Putting a bird on it

Here at the Berkeley Science Review, the design team works hard to find beautiful ways to visualize data and deconstruct a challenging concept or large body of work into an infographic. Title images, however, are meant to capture the spirit of the article, and are often the place where the designers can let loose. While the cover of the last issue was an incredibly stunning tour de force in data visualization, this semester’s cover tries to artistically showcase the powerful new techonologies scientists are using to understand oft-illusive animals.

 

“Phenomenal cosmic powers, itty bitty living space.”

When I first read Digital catch and release, I was struck by the capacity for modern devices to record a tremendous amount of information about creatures scientists rarely observe directly. I wanted to reflect the peculiarity of this juxtaposition – watching animals without ever seeing them – in the title image. One of the first concepts that came to mind was a genie-in-a-bottle. The idea of an infinitely powerful being trapped in a small space seemed an apt metaphor for accelerometry devices that can be scalable to roughly the size of a quarter. Fortunately, as far as I can tell, these devices are free of the three-wish constraint.

Working off of this initial idea, I began sketching out a few creatures materializing out of microchips. This design quickly substituted wires for a chip, because I felt that the linearity of the wires contrasted starkly to the wispy curves of the animal that I was going for. To make the critter feel like it was billowing out of the leads, and to capture the “smokey” genie effect, I settled on using the blend tool in Illustrator (more on this later). Here, I could trace the outline of the animal with a few rough lines and use the blend function to interpolate between the lines to construct what felt like a highly dimensional, highly logical, reconstruction of the creature. This seemed like an appropriate representation of the digitally captured information.

I felt it was also important to highlight the ability of these devices to record data on the specimen’s movements. To this end, a bird was chosen as my muse, not only because vultures are discussed in this piece but because a flying position implicated dynamic action on the bird’s part. The swooping lines stemming from the circuitry supplied additional dimensionality and momentum to the image.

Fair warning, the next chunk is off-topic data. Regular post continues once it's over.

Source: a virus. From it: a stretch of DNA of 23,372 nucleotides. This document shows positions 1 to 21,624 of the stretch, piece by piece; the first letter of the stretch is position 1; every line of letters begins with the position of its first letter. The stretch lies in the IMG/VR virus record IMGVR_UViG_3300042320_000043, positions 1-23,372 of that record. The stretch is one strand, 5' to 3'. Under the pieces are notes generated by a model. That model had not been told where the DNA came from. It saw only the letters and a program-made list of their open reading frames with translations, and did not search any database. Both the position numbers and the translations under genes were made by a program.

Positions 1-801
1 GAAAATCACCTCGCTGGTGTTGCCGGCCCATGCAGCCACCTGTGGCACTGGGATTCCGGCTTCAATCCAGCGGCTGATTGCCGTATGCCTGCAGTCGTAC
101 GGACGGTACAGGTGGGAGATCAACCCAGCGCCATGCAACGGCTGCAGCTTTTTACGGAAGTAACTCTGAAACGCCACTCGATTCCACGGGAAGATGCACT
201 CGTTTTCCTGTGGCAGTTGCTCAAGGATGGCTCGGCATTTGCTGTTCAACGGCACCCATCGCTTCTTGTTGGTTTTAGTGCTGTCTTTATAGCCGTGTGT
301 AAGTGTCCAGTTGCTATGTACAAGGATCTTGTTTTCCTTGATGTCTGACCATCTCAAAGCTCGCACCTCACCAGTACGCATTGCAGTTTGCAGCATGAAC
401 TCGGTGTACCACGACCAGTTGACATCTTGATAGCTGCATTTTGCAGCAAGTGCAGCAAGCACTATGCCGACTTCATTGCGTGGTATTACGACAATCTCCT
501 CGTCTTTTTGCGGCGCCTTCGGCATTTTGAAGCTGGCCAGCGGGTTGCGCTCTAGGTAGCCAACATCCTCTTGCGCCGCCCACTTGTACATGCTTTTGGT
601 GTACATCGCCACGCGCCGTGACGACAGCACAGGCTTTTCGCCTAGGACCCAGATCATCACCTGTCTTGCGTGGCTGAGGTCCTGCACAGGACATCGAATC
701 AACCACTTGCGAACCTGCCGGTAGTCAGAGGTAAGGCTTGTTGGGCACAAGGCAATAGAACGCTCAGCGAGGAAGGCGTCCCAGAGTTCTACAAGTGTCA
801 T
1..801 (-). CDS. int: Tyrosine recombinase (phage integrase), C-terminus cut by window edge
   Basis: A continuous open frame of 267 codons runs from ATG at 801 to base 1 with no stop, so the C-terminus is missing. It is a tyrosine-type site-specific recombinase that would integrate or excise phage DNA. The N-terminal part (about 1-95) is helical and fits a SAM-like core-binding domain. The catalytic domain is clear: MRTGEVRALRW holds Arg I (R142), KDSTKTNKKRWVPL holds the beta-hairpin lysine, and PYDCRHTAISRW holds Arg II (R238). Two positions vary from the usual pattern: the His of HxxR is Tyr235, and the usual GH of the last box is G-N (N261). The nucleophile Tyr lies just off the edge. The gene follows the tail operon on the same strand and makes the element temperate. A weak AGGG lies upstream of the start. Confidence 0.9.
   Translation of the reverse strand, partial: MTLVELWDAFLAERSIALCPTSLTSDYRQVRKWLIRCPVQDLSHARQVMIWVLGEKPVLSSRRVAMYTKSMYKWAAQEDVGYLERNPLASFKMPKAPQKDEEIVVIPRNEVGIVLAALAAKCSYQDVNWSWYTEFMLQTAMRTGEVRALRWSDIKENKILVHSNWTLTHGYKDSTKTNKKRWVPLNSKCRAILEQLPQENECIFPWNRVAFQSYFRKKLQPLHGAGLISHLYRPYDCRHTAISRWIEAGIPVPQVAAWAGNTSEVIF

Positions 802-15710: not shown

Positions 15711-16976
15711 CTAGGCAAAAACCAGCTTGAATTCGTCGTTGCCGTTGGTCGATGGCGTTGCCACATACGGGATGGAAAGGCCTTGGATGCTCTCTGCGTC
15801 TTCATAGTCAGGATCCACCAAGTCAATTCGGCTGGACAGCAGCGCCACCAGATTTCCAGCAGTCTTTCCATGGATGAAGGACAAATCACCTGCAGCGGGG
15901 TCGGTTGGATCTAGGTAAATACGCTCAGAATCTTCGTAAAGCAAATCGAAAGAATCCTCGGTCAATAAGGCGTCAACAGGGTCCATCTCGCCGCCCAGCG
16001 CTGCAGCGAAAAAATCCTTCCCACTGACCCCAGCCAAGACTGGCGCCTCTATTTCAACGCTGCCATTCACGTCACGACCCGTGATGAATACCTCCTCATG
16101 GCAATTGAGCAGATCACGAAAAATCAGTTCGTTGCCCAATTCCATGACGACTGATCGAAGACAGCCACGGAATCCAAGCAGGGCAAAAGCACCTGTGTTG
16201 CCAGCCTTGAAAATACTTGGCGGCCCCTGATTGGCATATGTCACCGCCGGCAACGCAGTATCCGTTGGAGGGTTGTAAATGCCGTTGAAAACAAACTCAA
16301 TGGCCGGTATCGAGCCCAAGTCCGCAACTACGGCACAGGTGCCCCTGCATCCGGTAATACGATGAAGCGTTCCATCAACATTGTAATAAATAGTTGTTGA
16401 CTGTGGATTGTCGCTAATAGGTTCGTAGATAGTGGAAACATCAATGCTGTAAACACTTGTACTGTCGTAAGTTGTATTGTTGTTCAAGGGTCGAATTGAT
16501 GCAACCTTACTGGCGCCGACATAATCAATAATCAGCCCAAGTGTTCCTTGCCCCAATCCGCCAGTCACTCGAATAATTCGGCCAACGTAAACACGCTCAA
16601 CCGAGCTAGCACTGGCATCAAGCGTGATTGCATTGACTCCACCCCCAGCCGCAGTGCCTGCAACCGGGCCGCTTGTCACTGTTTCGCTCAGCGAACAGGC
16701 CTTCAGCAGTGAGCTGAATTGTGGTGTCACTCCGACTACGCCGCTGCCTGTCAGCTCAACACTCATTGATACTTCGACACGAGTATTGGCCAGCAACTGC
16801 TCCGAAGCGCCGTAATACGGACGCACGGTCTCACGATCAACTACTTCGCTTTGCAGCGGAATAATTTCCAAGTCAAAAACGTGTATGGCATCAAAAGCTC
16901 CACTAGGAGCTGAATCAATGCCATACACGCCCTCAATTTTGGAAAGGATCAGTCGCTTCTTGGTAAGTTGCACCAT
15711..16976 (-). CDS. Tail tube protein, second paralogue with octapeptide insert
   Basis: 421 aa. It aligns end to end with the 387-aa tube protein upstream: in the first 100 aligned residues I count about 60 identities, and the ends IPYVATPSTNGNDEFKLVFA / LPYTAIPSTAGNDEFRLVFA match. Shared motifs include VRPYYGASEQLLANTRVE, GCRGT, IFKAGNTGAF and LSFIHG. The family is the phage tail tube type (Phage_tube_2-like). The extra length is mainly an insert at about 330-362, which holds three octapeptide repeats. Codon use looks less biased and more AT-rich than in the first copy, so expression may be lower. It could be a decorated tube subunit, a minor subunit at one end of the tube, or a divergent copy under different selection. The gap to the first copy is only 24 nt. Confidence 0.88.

The toolbox

Our designs are predominantly constructed using Adobe Illustrator, both because the images are vector-based and because Illustrator is jam-packed with tools to help a designer make just about anything. For this project, I decided to use the Blend Tool after stumbling across a really epic tutorial. The blend tool is generally used to evenly distribute a series of identical objects or to create color transitions across a sequence of objects. Some artists have employed this tool to make beautiful line art portraits, and, with basically no drawing experience, I decided this would be a reasonable project for me to take on.

 

From left to right: original eagle image that was traced, first attempt at the blend tool (apparently this looked like a fish), and final version of the bird for print.

From left to right: original eagle image that was traced (source: Wikipedia), first attempt at the blend tool (apparently this looked like a fish), and final version of the bird for print.

 

To start, I found a picture of an eagle that I liked quite a bit. Then, I traced the basic form of the bird and applied the blend tool with 20 even steps. I quickly discovered that to get the best outcome, I needed to assemble the components modularly, particularly the feathers on the wings. This was challenging because I needed to make sure that the components seamlessly connected to one another, since I wanted the image to look like it was constructed from one, contiguous assemblage of lines.

Another trouble spot was the right wing; because it folded over on itself I needed to find a way to add a sense of dimensionality. I finally found that by changing the size of the stroke, I could highlight concave and convex regimes in the wing (and, subsequently, the bird as a whole). The size of the stroke for the long tail extending to the leads was also decreased to give the tail a gossamer feel. For the cover, this tail needed to be shortened, while still retaining the appearance of the bird exploding out of the circuit. To accomplish this, I ultimately twisted several lines around each other in a pseudo-helix fashion and then blended them pairwise.

 

The bird was constructed from three main components; note that each feather on the wings was individually created.

The bird was constructed from three main components, however, note that each feather on the wings was individually created.

 

 

Finishing touches

The final design decision ended up being the color scheme. Generally, we try to maintain a cohesive color palette throughout each piece to tie together all of the graphic elements. I wanted to echo the green and gold hues of a printed circuit board but also keep the bird from feeling too heavy and corporeal. As it turned out, I had acquired an adorable chipmunk photograph for the article that had bright green and orange hues. After using the eyedropper to select my favorite shades, I was all set for the title page. For the cover, the gossamer tail was shortened so the bird could be expanded and a vibrant blue was settled on by the design team so the bird would pop off of the page.

So there you have it! Ultimately, the design process involves a lot of collaboration, a lot of edits, and in this case, even more Bézier curves.

 

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  1. Suzanne Stutzman

    As a scientific illustrator myself, I really am blown away by the beauty and expressiveness of these images.